Suffolk: Ash disease hits county’s trees
PUBLISHED: 17:50 25 October 2012
SUFFOLK is one of the first counties in the UK to be hit by a disease that has devastated ash trees in Europe.
The Woodland Trust has confirmed ash dieback has been discovered in mature and ancient trees at Pound Farm, near Great Glemham.
The Forestry Commission was yesterday at the 89-hectare site investigating the extent of the disease, which has also been found in Norfolk.
Ash dieback – or the Chalara fraxinea fungus – causes leaf loss and crown dieback and can lead to tree death. It has already wiped out 90% of ash trees in Denmark.
There are fears, expressed by the Woodland Trust, that if no action is taken the disease will wreak the same kind of damage as Dutch elm disease in the 1970s.
The trust has called on the Government to ban the import and movement of all ash trees for planting until the extent of the outbreak, and its source, is clear.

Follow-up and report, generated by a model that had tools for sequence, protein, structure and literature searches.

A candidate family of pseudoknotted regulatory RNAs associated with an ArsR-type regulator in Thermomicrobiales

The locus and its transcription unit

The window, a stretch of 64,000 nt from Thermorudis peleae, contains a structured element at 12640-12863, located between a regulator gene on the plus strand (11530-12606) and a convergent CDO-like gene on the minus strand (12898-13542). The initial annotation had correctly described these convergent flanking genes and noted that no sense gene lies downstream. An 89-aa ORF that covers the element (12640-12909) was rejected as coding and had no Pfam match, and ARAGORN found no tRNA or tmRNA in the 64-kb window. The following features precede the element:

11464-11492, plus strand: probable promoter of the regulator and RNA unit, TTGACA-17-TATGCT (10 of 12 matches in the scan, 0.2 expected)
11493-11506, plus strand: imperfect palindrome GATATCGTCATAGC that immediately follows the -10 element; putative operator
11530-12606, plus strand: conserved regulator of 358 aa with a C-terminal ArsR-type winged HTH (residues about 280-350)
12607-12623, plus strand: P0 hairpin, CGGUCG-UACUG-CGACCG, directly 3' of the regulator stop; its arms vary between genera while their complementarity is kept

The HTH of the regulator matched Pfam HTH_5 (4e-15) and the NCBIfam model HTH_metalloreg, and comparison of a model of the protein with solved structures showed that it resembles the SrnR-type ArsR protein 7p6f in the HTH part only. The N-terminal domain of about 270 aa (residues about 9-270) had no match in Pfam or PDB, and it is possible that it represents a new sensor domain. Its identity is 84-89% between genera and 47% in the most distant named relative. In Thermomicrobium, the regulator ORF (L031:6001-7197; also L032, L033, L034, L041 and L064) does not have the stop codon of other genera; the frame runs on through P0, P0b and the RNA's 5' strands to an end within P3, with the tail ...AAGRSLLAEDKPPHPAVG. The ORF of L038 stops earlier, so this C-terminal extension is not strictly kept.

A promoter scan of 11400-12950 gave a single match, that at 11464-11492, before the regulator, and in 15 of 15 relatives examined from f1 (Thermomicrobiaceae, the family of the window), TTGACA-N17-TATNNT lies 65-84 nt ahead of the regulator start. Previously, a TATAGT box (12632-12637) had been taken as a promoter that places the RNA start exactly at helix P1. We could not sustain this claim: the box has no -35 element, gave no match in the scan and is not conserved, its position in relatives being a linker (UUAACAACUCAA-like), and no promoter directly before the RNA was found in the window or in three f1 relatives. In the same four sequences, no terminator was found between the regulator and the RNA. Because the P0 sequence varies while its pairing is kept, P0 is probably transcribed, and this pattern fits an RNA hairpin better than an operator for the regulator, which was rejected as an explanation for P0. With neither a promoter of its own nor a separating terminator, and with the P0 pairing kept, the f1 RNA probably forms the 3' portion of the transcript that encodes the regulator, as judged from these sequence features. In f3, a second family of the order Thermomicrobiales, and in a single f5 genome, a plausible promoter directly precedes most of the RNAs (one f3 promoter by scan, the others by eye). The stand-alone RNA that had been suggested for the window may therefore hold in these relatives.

Andrew Sharkey, head of woodland management for the Woodland Trust, said: “Losing ash within the UK landscape would have serious implications to both the ecology, culture and landscape of our countryside. This is yet another example of why the protection of our native trees, natural resources and eco-systems needs to be at the top of the agenda and we need a step change in the level of importance placed on bio-security to tackle the bigger issue. The occurrence of tree diseases in the UK is becoming far too frequent and once they are established we are often powerless to act.
“We are potentially facing the ash equivalent of Dutch elm disease, and unless we take serious measures as a country we will continue to see problems arising from imported diseases.
“If this was a case of foot and mouth there would be immediate emergency measures put in place to deal with it.
“We need an emergency task force or summit set up by Government immediately to help deal with current threats and to stop any future threats before they arrive in the UK.”